Here is my dilemma. I have an addition to my house. It is insulated, but it seems to be some fibrous type of material (I'm thinking rock wool). The problem is I'd like to upgrade to a higher R-Value, but not sure how to do this. I guess one option is to rip out the existing wall board and hang new batts. option 2 would be to blow in cellulose. I like option 2 (no real drywall repair), but how do I do this when the cavity is already filled? I am thinking that the blown in insulation won't be heavy enough to compress the existing insulation in the cavity.
First off blow in rock wool has a very high R rating. It is about 3.5 per inch. So a 3 1/2" wall would have a rating of 13. This is comparable to fiberglass in 3 1/2 inch wall of R11,13 or 15 (much more expensive for R15 which is really mineral wool).
Second is that insulation needs to be fluffed up. Compressing it will decrease the insulating properties.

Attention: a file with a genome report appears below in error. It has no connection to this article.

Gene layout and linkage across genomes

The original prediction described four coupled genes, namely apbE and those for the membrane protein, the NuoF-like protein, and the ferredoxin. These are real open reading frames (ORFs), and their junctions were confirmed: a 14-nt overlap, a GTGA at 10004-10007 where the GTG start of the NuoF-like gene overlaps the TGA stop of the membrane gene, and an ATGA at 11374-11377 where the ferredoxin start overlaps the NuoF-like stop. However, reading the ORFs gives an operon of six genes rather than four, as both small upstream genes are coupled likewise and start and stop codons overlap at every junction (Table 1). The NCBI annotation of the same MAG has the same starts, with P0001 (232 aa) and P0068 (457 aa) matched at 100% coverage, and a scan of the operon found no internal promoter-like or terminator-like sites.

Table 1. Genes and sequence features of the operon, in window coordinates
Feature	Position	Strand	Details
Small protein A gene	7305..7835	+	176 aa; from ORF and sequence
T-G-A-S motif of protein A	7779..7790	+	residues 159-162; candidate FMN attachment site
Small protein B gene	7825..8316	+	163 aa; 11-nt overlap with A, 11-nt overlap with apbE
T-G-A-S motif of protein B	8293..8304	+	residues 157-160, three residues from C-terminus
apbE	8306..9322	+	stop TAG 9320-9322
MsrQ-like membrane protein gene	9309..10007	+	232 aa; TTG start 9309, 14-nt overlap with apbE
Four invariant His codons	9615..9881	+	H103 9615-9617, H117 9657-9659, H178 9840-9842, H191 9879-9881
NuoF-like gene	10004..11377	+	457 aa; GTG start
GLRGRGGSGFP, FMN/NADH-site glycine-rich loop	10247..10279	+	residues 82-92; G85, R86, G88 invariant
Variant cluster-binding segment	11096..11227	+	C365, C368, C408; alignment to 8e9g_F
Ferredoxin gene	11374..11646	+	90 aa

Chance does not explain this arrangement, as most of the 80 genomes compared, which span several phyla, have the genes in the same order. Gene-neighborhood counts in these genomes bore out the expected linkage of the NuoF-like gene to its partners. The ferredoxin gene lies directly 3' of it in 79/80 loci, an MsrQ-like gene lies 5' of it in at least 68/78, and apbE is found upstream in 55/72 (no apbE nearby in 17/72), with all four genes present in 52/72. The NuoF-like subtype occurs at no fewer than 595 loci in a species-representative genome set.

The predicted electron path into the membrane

A good example is a down sleeping bad. I used to do a lot of mountain climbing and had a 3 1/2# down sleeping bag. When compressed I would get cold at 40 degrees but when fluffed up I could be warm at -40.
I see people who have figured that they would get extra insulation by shoving in 2 bats of R11 thinking they would get R22. Wrong, they probably got R4 if they were lucky.
What you propose is long on work and expense and short on results.
The only issues is that blow in insulation does settle over time and adding to the top might not be a bad idea if you are sure that it is settled. This is why the standard is the fiberglass that will not compress when attached to the batting.
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